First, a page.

I just got done watching this documentary on Netflix. I was already anti-declawing, but the stories and evidence in this film just firmed my resolve. Things I learned that I didn’t already know:
—When you declaw a cat, the claw tries to grow back underneath the skin of the toe. Except the leftover bone is mutilated, and the claw grows into a large, shapeless mass that can’t be pushed out of the sheath, and instead stays stuck and painful under the skin—imagine having large pieces of gravel embedded in your toes that you have to walk on. Worse, they often end up infected and inflamed.
—Housecats aren’t the only ones that are declawed. Many large cats, from cougars to tigers, are declawed when kept as pets (legally or not), and they suffer the same consequences.
—The American Veterinary Medical Association and other veterinary groups support declawing and lobby against legislation to ban it, primarily because veterinary clinics make a significant amount of money on declawing.
—Eight cities in California have banned declawing, to include Los Angeles, Santa Monica, and Berkeley, among others.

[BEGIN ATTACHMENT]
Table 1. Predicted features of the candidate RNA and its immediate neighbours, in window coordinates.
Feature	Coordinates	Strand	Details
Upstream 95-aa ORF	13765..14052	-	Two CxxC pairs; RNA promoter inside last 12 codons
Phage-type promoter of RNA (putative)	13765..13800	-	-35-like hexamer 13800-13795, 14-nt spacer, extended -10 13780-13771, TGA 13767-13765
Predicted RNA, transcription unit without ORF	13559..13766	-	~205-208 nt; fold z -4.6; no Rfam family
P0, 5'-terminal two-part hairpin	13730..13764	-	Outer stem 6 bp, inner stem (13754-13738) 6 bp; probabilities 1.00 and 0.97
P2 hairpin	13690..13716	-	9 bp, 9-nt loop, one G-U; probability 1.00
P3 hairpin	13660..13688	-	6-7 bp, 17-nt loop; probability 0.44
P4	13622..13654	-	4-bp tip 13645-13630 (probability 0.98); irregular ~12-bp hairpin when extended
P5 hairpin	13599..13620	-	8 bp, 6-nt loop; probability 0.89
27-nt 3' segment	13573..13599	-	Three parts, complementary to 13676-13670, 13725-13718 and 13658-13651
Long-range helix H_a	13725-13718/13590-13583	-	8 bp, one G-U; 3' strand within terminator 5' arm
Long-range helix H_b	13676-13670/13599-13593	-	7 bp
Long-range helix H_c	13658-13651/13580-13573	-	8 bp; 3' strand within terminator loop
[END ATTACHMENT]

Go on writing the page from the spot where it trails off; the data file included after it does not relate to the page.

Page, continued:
Want to support The Paw Project and their quest to educate people on the horrors of declawing and pass declawing bans? Here’s their website (where you can get a DVD of the film for a $10 donation), their Facebook, and their Twitter.
funkysquirrels asked: What is your favorite aquatic animal?
Oh, geez, you’re making me pick just *one*? Honestly, probably the Ozark minnow and other minnow species, though the Ozark seemed most common. I always loved watching them in the creek behind my house and the one by my grandma’s house when I was growing up, and admired how quickly they darted around in unison. If I found minnows in a creek anywhere, I knew it was going to be a good one for exploring. It’s also why the various species of crawdad in the same creeks are a close second.
Beyond that, you’d have to ask me about my favorite aquatic animals from specific places—there are a lot of them I’m fond of.
Previously, the doctors had to wait until they cut into the dog to form the titanium plate. But with UC Davis’ new 3-D printing facility, they can now print an exact replica of the dog’s skull ahead of time, allowing doctors to plan and cut down on anesthesia time in the operating room.<br/>
The future is here.